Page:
‘States should emplace central abattoirs to ensure public health, meat safety’
• ‘Zoonotic diseases avoidable with good hygiene’
Prof. Olufunke Ola-Davies, Dean, Faculty of Veterinary Medicine, University of Ibadan, spoke with Head, Agro-Economy, FEMI IBIROGBA, on how to prevent outbreaks of animal-to-man infectious diseases through effective abattoir management, awareness and public-private partnership initiatives.
With your vast experience, how will you advise various states in Nigeria to go about standardisation of abattoirs to prevent out-breaks of zoonotic diseases?
Actually, I will like to say that we need more veterinarians to be engaged in Nigeria. In many of our states, we don’t have enough veterinarians and if you must maintain the public health system, we need veterinary services and how do you get the veterinary services? You need veterinarians to be in charge of our abattoirs. They are necessarily to be there to inspect before animals are slaughtered. That is what we call ante-mortem inspection.
They should also inspect the animals after the slaughtering, which we call post-mortem examination and that will help us to know that the meat we are putting into the market is hygienic for consumption. This will improve the public health system. So, there is a need for more veterinarians to be engaged.
Oyo State has a centralised abattoir and Lagos State also has some modern ones. Are you calling on other states to adopt the models?
I will advise other state governments to follow suit because there is a need for a well-regulated abattoir. of course, we are not saying Oyo and Lagos States are prefect in their models or operations, because we still see some people slaughtering animals in old abattoirs which are not meant to be used. So, we encourage our government to create more abattoirs in all the states and it doesn’t have to be the government alone. It can actually be a private-public partnership. The government doesn’t have to put in all the money; somebody can come in with the government and establish one and at the end of the day, the public health system of our society is ensured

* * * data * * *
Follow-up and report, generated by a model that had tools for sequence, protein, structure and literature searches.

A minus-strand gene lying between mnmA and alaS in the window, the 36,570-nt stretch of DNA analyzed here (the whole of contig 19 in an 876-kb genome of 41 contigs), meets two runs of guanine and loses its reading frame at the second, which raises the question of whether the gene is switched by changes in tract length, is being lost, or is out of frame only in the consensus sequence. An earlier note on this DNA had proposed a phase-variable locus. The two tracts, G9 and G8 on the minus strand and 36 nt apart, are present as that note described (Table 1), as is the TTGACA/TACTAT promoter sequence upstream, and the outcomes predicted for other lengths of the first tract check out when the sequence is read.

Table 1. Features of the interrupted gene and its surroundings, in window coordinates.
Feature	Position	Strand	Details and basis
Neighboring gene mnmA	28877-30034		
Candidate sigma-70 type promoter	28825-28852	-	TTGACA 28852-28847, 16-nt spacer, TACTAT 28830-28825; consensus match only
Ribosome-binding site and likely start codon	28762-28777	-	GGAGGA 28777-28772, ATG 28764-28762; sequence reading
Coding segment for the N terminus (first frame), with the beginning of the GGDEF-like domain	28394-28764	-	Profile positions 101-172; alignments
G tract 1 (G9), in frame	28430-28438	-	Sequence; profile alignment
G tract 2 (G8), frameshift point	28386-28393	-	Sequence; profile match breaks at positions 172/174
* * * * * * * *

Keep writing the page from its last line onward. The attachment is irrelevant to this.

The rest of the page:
There would be money generated from this because some of the wastes are actually useful. The blood could be harvested for a healthy blood meal in animal feeds. The bones are also money-spinning for poultry. Also, the institution can purchase those bones for training and teaching, and so, nothing is actually wasted. At the end of the day, they generate money and also our society will live healthy.
How can Nigerians prevent spread of tuberculosis through beef consumption?
What I will say is that everybody should make sure they consume wholesome meat. If you don’t buy your meat from the healthy source, then there is no how we can prevent the spread of tuberculosis and other animal-to-man diseases, and these are things that spread easily. We call them zoonotic diseases. And there are so many out-breaks now.
We have TB, Ebolavirus and COVID-19 virus. Now, we are struggling with monkey-pox. But we have people that are trained that could help to prevent the spread through ante-mortem and post-mortem inspections at abattoirs. So, the government should encourage the people and engage more veterinarians. There should be more of public awareness in which people will be educated on television, social media platform to buy healthy meat. So, it’s not just about being cheap, but it has to be wholesome and healthy.
Do you have any training scheme for abattoir operators or meat sellers and cattle herders?
Actually, at every of those abattoirs, they should be veterinarians but at times in University of Ibadan, we do training, in which we bring in people from outside and we train them. But now, there is scarcity of funds. So, we’ve not done it this year. But I would remember two years ago, we actually did for cattle sellers. We brought in people from outside and then we trained them, but if there is no fund, what can we do? ASUU is on strike.
What is your suggestion on awareness creation, particularly among cattle butchers and sellers?
Our government must be responsible. They must be ready to put in some funds because prevention is better and cheaper than cure. So, there must be awareness programmes in which veterinarians are invited to give talks at different fora so that people will be aware, not only the butchers or the sellers. The butchers need to be aware and then our government also must be ready to give compensation, because if your animal is condemned because it is not wholesome, who will pay compensation? So, the owner will rather prefer to slaughter behind abattoir if the government does not pay compensation. He will no longer come to the abattoir because nobody is going to compensate him if the animal is found unwholesome. So, our government must rise to that responsibility. If they don’t, honestly, we cannot get there!